One big happy satellite radio monopoly

by Jason Gross

25 March 2008


Satellite radio services XM and Sirius just got a nice present from the weak-kneed Dept. of Justice in the form of a stamp of approval for their merger.  As the NY Times reports, it’s great news for the two companies and their stock holders but will not be great for consumers who will now have to deal with one mega-company for all their satellite radio needs.  As some saner voices point out near the end of the article, the DOJ are pathetically shrugging off their duty as public watchdog- also see this Broadcast and Cable article about doubts raised about the merger.

All that’s standing in its way is the dreaded FCC, which isn’t exactly known as a bastion of public service.  Indeed, Congress is now demanding that head-schmuck Kevin Martin turn over piles of internal documents about his controversial decisions over the last few years over big issues like ‘a la carte’ cable offerings but this will also likely shine some much needed light on his unsavory decisions about media consolidation also.  His masters in the media conglomerate world must be crapping their pants right now and it’s about time.  But in the meantime, look for him to squeeze through a thumbs-up for the satellite deal.  He now says that he hasn’t made up his mind but he lied about that before, and to Congress no less (which I could have sworn was a crime…).

The Satellite companies are arguing that they should be able to create a monopoly because there’s so much competition from other music services.  This is the same lame argument that media conglomerates are using to consolidate their power and get the green light to buy up more and more radio and TV stations and newspapers. 

Not that I buy their argument but they do have reason to be worried- as the Washington Post reports, companies like LastFM and Pandora offer DIY music services for people to customize to their tastes and these companies are getting more and more traction, with lots of subscribers and lots of music offered.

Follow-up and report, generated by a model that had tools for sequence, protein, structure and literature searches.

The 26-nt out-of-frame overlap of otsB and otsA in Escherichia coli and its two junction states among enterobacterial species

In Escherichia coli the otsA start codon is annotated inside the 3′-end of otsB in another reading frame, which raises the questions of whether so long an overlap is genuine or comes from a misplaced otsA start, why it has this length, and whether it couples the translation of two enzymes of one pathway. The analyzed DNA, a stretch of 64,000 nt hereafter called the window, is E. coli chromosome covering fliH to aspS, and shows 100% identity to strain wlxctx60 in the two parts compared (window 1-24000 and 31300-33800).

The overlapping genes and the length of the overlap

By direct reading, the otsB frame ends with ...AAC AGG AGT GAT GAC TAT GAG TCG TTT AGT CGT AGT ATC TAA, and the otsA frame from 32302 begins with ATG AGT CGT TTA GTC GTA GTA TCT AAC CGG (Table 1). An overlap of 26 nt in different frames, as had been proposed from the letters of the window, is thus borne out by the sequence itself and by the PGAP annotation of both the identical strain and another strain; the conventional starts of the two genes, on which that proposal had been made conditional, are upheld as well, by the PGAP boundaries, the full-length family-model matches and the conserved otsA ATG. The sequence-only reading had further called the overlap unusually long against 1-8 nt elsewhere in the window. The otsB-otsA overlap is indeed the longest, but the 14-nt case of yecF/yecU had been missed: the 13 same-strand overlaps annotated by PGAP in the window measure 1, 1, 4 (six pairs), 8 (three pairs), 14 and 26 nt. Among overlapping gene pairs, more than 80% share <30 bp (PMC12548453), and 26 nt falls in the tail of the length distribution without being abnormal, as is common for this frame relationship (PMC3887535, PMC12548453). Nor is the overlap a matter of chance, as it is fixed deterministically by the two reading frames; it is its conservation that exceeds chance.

But does that justify creating monopolies to compete with them?  And besides, if these greedy companies were running their business better and offering more of what the public wanted, they wouldn’t have to beg the govt to get permission to grab up competitors.  Also, if they screwed up their own companies, what’s to say that they’ll do any better to leverage more companies for their bottom line?  Most likely, they’ll screw up the other companies they swallow up too.

And again, how is all of this in the public interest?  It ain’t and don’t let anyone tell you otherwise.

We all know how critical it is to keep independent voices alive and strong on the Internet. Please consider a donation to support our work. We are a wholly independent, women-owned, small company. Your donation will help PopMatters stay viable through these changing, challenging times where costs have risen and advertising has dropped precipitously. PopMatters needs your help to keep publishing. Thank you.

//Mixed media


Treasuring Memories of Paul McCartney on 'One on One' Tour

// Notes from the Road

"McCartney welcomed Bruce Springsteen and Steven Van Zandt out for a song at Madison Square Garden.

READ the article